Cruise ships are ready to be back – but the state of Florida wants to have a say in how that happens, specifically when it comes to COVID-19 vaccination.
According to CNN, Governor Ron DeSantis of Florida has come out against what is commonly referred to as a “vaccine passport”. This has put him at odds with policies that major cruise lines want to implement in order to start cruising again – safely.
What does this potential legal battle mean for the future of cruisers? Read on to find out.
Governor DeSantis’ Position
While DeSantis acknowledges that the cruise industry is key to Florida’s tourism, he seems to be betting on the fact that cruise line operations are too large to flee or fail. How so? He has prohibited businesses in Florida, including cruise lines, from verifying the vaccination status of customers.
DeSantis signed a new state law, beginning on July 1st, that legally prohibits any company from verifying whether or not a person has been vaccinated against COVID. This is in direct conflict with advice from the Centers for Disease Control and Prevention.
The CDC states that 95% of crew members and passengers alike should be fully vaccinated in order to prevent potentially deadly outbreaks of the virus. Their goal is to bypass costly and time-consuming trial sailings with a greater number of unvaccinated passengers.
The Position of Cruise Lines
Large cruise lines, such as Norwegian and Royal Caribbean, are attempting to negotiate with public health regulators to find a way to work around this new law. They feel that the only way to restore confidence in the safety of cruises is to ensure everyone on board is vaccinated.
Celebrity will be the first to test this new law, as they are to set sail from Florida in late June with the requirement that all passengers over age 16 be fully vaccinated.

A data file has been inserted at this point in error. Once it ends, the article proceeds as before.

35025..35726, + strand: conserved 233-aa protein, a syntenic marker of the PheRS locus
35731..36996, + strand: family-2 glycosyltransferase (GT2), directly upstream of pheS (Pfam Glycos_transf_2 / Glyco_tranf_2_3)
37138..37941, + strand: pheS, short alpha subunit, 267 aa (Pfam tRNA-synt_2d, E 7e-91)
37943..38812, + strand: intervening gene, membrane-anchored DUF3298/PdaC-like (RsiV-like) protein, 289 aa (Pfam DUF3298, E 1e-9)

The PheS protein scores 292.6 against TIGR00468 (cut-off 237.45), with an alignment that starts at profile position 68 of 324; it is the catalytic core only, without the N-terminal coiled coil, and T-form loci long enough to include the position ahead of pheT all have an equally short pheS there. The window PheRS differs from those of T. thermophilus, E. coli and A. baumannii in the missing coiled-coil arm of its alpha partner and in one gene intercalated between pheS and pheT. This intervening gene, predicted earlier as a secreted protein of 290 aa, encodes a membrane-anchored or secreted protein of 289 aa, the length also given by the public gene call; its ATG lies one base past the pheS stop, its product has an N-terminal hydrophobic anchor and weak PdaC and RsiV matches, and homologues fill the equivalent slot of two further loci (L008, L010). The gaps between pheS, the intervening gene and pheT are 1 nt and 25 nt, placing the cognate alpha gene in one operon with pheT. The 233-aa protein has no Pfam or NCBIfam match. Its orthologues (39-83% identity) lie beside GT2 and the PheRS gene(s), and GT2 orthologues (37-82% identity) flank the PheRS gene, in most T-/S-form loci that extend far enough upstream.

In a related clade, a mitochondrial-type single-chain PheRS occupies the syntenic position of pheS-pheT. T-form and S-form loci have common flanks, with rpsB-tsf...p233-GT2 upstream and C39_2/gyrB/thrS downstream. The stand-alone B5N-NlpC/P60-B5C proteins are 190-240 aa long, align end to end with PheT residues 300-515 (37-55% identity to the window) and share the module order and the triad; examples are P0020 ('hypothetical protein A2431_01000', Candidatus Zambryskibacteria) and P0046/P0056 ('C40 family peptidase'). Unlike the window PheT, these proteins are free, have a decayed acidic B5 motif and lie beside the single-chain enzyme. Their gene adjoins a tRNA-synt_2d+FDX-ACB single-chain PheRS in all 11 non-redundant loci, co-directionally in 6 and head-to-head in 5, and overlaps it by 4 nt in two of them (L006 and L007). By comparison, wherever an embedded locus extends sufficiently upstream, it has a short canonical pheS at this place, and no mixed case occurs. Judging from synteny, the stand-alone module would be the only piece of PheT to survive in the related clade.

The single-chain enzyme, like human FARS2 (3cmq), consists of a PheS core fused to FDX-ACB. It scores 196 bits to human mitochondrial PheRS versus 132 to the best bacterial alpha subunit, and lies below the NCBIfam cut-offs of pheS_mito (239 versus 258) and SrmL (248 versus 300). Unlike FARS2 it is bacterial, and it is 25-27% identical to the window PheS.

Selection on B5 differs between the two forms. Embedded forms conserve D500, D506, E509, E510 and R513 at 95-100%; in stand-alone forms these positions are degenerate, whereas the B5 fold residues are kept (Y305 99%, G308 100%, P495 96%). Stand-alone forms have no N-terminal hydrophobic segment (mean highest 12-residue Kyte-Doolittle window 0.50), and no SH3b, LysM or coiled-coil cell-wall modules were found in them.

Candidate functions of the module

Of course, cruise lines could also just wait out the pandemic. They’re convinced that, as restrictions loosen and people become more comfortable with cruising again, pent-up demand will skyrocket.
The problem is that it will take even longer for jobs to come back if cruise lines wait for the pandemic to improve—not great for the Florida economy or those itching to get back to cruising.
What This Means For You
It’s anyone’s guess what will happen when the new Florida law is put to the test. It’s in the realm of possibility that cruise ships may begin to sail out of ports that do allow them to check passenger vaccine statuses. In the future, if you want to cruise, the port from which you embark may simply not be in Florida.
Some cruise lines have stated they will no longer require vaccination proof in order to cruise, backing down in the face of the new law.
Ultimately, it’s up to you whether or not you’re comfortable enough to return to cruising. What’s most important: you feel safe, and your health and wellness are not put in danger. That is something only you can decide for yourself.
In the meantime, the legal showdown in Florida between the governor’s office and major cruise lines should be interesting to watch. We shall see how it unfolds. No matter what happens, you can rest assured that cruising will come back, one way or another.
About the Author:
Andrew Winston is a partner at the personal injury law firm of Winston Law. For over 20 years, he has successfully represented countless people in all kinds of personal injury cases, with a particular focus on child injury, legal malpractice, and premises liability. He has been recognized for excellence in the representation of injured clients by admission to the Million Dollar Advocates Forum, and named one of America’s Top 100 High-Stakes Litigators. Mr. Winston is AV Preeminent Rated by the Martindale-Hubbell Law Directory, enjoys a 10.0 rating by AVVO as a Top Personal Injury Attorney, has been selected as a Florida “SuperLawyer” from 2011-2020 – an honor reserved for the top 5% of lawyers in the state – was voted to Florida Trend’s ”Legal Elite,” recognized by Expertise as one of the 20 Best Fort Lauderdale personal injury attorneys, named one of the Top 100 Lawyers in the Miami area for 2015-2017, and one of the Top 100 Lawyers in Florida for 2015-2017 and 2019.